universalizability principle

universalizability principle

[yo̅o̅′nivur′səlī′zəbil′itē]
a principle that an act is good if everyone should, in similar circumstances, do the same act without exception.
References in periodicals archive ?
What people don't typically understand is that the logic of the separation of powers is a logic that renders operational what the philosophers call the universalizability principle or the categorical imperative: it puts the question of what the principle is behind one's position and whether he would be willing to honor the same principle when it cuts against his interests.
versions of the Golden Rule that are not limited by family, neighbor, religion, nationality, or species, versions of the utilitarian principle that include all sentient beings in the calculation, or some sort of universalizability principle that applies to all rational beings).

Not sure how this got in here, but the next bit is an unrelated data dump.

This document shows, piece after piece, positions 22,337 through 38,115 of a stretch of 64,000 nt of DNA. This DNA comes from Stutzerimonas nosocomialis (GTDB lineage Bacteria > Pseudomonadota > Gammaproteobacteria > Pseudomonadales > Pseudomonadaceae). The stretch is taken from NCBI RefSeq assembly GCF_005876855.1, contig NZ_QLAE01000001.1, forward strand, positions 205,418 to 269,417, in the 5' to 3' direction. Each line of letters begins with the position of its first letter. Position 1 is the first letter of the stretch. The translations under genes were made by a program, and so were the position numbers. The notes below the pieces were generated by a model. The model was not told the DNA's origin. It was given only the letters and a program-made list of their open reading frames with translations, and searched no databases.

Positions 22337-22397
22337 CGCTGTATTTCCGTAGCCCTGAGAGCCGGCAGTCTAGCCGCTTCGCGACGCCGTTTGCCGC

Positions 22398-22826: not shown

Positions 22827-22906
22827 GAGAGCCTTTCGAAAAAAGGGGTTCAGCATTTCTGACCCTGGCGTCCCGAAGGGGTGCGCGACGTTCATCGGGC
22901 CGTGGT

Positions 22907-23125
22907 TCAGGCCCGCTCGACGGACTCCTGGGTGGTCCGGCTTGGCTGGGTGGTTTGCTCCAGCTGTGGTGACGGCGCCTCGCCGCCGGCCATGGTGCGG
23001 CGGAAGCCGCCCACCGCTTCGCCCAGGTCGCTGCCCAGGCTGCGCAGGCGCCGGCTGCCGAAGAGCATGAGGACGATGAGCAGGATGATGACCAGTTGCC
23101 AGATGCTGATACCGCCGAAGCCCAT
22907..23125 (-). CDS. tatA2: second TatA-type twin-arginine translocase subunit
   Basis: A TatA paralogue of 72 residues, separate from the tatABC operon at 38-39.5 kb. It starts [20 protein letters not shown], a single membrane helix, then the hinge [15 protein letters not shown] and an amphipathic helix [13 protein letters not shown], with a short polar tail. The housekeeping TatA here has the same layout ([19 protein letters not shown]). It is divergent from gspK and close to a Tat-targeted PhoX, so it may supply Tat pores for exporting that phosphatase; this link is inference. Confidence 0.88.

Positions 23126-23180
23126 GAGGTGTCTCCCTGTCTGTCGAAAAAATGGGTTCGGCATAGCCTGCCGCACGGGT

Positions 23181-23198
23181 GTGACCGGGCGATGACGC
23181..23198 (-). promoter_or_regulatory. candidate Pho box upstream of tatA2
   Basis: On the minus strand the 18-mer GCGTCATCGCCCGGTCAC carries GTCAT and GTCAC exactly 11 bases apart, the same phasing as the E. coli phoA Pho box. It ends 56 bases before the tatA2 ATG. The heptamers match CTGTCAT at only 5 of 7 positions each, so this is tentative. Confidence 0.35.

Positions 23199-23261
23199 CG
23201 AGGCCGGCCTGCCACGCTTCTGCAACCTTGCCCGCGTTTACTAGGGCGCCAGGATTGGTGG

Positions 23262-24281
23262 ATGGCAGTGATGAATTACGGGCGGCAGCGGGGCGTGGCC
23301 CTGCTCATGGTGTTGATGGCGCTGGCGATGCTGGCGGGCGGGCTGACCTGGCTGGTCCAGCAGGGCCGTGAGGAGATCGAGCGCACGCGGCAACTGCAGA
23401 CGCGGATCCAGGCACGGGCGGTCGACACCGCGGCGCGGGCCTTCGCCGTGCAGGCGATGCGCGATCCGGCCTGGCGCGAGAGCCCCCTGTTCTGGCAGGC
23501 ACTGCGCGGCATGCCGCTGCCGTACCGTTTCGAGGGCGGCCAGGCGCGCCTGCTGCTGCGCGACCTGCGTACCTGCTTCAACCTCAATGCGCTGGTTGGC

Although other scholars have started with Flathman's universalizability principle, they have focused instead on the recurring constitutional values that public servants appeal to when they use the phrase "in the public interest.
The universalizability principle that supplements a "professional ethics" for criminal justice practitioners may be best understood if we compare the practice of criminal justice with those of law and medicine.